Cherie Jones’s debut novel, How The One-Armed Sister Sweeps Her House, starts with a grandmother telling a story to her granddaughter about two sisters, one of whom was ‘gifted with good sense’ while the other was ‘own-way and like to give the mother mouth’. The sisters are warned against entering the network of tunnels that riddle the ground, as ‘the tunnels is where bad men go where they die‘. In the way of stories, we know what will happen; the bad sister goes into the tunnel and her good sister tries to pull her back. The bad sister escapes, but at a price: she’s missing one of her arms. The granddaughter, Lala, is not especially impressed by this story, and tells her grandmother, Wilma, so:
‘Well I bet it not so bad having one arm.” says Lala. “She can still do things like everybody else, she can still get a husband and some children and a house.”
“Stupid girl,” says Wilma. “How she gonna sweep it?”
Set in Barbados in the mid 1980s, How The One-Armed Sister Sweeps Her House is a vividly painful exploration of how a violent fate haunts three generations of women. Wilma has her own explanation for why she, her daughter and her granddaughter have suffered so: ‘She assumes it is a curse… this way the Wilkinson women have with men, this ability to so bewitch a man that he becomes besotted.’ Wilma thinks that, like the bad sister, they all grow up too fast, and it is this premature sexuality that leads them into trouble. Jones shows us how this pattern of belief makes Wilma culpable in the fates of Lala and her mother Esme, as well as how the men who abuse them are themselves shaped by poverty.
Some reviewers have criticised How The One-Armed Sister Sweeps Her House for being too schematic – its cast defined by what happens to them rather than by who they are as people – but that wasn’t exactly my experience of it. I felt that Jones’s characters did have great potential depth, although I wished she had given more page-time to exploring their inner lives. Jones has a gift for set-piece, and particular scenes showcase how much she does know about her characters; for example, when Wilma is tending to Esme after she’s been raped or when Lala walks out on the beach to braid hair. Lala’s abusive husband, Adan, is perhaps closest to caricature, displaying classic psychopath tropes as a boy, but that still isn’t all he is; when Lala is trying to remember how her mother used to sing her name, Adan ‘had sung her name in every tone he could think of to see if she would recognise it’. And Jones’s present-tense, fluid writing is perfectly suited to this story, moving effortlessly between a ring of characters who surround Lala.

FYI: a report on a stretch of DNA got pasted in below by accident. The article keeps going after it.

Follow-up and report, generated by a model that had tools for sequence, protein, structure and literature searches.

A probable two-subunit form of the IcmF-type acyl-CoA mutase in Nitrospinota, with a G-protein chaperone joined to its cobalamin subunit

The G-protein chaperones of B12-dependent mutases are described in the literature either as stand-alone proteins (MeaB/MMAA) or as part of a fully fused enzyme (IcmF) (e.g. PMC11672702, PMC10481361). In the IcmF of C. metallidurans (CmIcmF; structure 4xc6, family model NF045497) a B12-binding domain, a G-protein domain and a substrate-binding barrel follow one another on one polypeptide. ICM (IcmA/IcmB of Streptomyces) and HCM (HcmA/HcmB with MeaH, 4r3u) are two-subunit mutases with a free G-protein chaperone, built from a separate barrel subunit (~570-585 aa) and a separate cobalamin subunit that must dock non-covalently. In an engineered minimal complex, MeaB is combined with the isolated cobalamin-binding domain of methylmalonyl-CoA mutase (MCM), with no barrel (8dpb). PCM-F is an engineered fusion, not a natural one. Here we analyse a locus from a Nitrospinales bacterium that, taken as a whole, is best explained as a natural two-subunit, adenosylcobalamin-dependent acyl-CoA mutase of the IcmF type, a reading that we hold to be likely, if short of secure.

I was surprised that so many reviewers, such as Rhiannon Lucy Coslett in the Guardian, describe this book as relentlessly miserable. It’s certainly a difficult read, but I didn’t find How The One-Armed Sister Sweeps Her House especially grim compared to many other novels that have made it onto Women’s Prize shortlists and longlists in recent years. Indeed, its ending is arguably too neat and hopeful, sweeping Lala too easily away from this cycle of intergenerational violence without really answering the question it poses at the start: how do you carry on living when you have been so wounded by the world around you? How does the one-armed sister sweep her house?
I’m not aiming to read all sixteen books on the Women’s Prize longlist this year, but I’ve selected ten titles that I do want to read. This is number ten. I’ve already read The Vanishing Half, Transcendent Kingdom, Piranesi, Consent, Exciting Times, Small Pleasures, Detransition, Baby, No One Is Talking About This and Unsettled Ground.
This is also #8 of my 10 Books of Summer.